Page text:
Furthermore, understand that the IRS will never request your SSN or log-in credentials via unsolicited email, text or phone call.

Finally, you can further reduce the risk of tax identity theft by filing as early as possible. Many of these scammers are hoping to beat you to filing a return under your name, so filing early could result in the denial of their attempt to collect your refund.

Your Computer Has Been Infected!

Victims of this type of scam are often redirected to a webpage (or receive a pop-up or phone call) informing them that their computer has been infected by some type of malware. To have it removed, victims are encouraged to follow a link or call a phone number, at which point they’ll be asked for credit card information to pay a small fee.

You guessed it…

These scammers will take your credit card number and dash off, making fraudulent use of it in the future.

How to Beat It:

Hopefully, you’re seeing a pattern at this point – never provide your credit card information in response to an unsolicited call or message from anyone claiming to be Microsoft or any other major software company. Microsoft will never call you to let you know that your computer has been affected, nor to ask for a fee to remove malware from your PC.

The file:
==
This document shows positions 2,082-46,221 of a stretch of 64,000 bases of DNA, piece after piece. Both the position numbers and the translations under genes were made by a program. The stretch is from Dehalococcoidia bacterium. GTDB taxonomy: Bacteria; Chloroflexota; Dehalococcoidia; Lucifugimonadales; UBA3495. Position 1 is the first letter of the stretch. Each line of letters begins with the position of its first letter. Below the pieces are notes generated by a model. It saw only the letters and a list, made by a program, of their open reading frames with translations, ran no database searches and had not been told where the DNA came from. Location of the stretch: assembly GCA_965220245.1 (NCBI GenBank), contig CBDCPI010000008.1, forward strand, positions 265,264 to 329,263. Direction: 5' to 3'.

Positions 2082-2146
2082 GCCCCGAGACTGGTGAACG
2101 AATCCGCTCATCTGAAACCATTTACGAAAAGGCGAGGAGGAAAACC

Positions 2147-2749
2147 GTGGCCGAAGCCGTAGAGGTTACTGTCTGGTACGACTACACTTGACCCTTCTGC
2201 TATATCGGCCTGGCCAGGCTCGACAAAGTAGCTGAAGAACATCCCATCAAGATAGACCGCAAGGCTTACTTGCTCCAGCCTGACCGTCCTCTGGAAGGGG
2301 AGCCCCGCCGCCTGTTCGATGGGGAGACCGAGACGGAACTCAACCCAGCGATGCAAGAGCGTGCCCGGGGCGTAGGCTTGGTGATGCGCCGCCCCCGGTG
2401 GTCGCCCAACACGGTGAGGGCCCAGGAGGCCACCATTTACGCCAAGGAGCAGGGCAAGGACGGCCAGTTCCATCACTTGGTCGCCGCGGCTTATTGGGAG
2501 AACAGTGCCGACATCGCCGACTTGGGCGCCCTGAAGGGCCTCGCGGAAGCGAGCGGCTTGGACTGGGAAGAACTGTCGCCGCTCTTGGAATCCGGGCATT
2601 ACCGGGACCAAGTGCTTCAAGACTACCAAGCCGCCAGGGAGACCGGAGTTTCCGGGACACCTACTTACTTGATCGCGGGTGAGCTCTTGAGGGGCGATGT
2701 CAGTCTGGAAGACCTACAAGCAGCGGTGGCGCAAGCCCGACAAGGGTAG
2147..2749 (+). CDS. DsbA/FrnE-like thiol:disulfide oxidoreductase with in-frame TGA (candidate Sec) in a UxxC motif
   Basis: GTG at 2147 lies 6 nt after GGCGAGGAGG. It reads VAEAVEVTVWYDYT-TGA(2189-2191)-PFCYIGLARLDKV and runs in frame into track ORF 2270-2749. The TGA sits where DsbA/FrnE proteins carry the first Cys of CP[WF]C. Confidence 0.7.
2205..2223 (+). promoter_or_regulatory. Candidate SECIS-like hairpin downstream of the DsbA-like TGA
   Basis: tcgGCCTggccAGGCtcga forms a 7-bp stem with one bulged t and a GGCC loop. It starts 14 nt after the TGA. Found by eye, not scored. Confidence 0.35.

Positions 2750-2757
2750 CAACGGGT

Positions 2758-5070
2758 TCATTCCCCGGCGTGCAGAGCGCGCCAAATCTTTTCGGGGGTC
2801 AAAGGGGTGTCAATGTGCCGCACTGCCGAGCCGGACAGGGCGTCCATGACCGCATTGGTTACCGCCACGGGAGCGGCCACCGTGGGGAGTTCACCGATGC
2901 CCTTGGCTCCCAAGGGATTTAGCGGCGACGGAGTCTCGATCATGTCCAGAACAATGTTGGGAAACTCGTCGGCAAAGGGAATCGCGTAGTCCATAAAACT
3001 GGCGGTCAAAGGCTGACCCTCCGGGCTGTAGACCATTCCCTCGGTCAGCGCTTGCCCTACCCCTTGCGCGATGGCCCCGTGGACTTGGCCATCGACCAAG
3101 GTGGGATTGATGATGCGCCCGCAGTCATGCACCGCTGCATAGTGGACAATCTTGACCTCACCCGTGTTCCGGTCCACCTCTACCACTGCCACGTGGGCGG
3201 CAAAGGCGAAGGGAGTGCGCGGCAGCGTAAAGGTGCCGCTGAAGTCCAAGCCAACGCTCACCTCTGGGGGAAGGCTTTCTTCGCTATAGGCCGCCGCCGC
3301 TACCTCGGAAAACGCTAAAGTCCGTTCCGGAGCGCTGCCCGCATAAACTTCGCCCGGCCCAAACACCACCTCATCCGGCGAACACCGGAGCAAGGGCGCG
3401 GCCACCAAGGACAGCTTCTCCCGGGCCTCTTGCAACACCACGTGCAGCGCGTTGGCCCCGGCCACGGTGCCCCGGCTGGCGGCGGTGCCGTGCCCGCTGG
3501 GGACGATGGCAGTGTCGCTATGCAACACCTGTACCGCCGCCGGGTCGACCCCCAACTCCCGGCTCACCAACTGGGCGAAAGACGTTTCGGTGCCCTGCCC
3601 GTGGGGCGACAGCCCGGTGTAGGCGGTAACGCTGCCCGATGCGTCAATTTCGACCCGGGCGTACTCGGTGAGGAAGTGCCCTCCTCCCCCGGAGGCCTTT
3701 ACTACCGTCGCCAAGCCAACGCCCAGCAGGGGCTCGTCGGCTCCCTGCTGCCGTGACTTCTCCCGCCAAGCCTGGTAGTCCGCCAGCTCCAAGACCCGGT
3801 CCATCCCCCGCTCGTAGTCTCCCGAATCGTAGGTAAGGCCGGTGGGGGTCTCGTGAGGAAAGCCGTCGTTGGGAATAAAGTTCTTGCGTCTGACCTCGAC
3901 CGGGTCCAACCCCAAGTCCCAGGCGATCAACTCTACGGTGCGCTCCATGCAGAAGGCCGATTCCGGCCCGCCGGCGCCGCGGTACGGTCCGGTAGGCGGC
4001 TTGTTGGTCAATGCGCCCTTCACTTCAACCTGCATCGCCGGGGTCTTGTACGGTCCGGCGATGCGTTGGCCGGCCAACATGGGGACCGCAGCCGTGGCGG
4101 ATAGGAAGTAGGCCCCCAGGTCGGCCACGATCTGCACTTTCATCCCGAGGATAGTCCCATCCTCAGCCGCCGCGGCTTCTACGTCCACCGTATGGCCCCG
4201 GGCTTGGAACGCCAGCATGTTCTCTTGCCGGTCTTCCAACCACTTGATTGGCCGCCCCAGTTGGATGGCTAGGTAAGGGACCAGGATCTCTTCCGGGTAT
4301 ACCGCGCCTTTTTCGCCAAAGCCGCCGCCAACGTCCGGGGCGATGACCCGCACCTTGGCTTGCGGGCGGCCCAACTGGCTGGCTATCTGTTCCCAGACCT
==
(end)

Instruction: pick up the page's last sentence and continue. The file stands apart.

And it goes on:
These are just a few of the most common ways that scammers are getting their hands on peoples’ private information to commit identity theft. In summary, always remain skeptical of unexpected offers, awards and alerts that require your personal information. And remember – if it sounds too good to be true, it probably is.

Moreover, the truth is that ID thieves are always coming up with new, creative ways to try to procure account numbers, SSNs, credit card information, birthdays, and other data that could make you a victim. And while it’s difficult to fully prevent identity theft, there are some basic steps you can take to avoid being among the 7% of Americans who will be targeted this year:

  • Be consistent about protecting your financial information. If you aren’t planning on keeping your documents on file in a secure location, shred anything that contains sensitive data such before discarding it.
  • Unless you need your Social Security card for a specific reason on the same day, never carry it in your wallet or on your person.
  • Keep your firewalls and anti-spam/-malware software up to date at all times, and be sure to regularly change your account passwords online.
  • Take advantage of your free annual credit reports at least once annually, but preferably every 4 months. Immediately look into any account or line of credit that you don’t recognize on these reports.
  • Don’t assume that your SSN or ITIN is needed every time it is requested. Always ask if it’s absolutely necessary.

If you follow these basic steps and stay aware of trending schemes such as the ones detailed here, you’ll make huge strides in protecting your personal information and minimizing your risk of identity theft.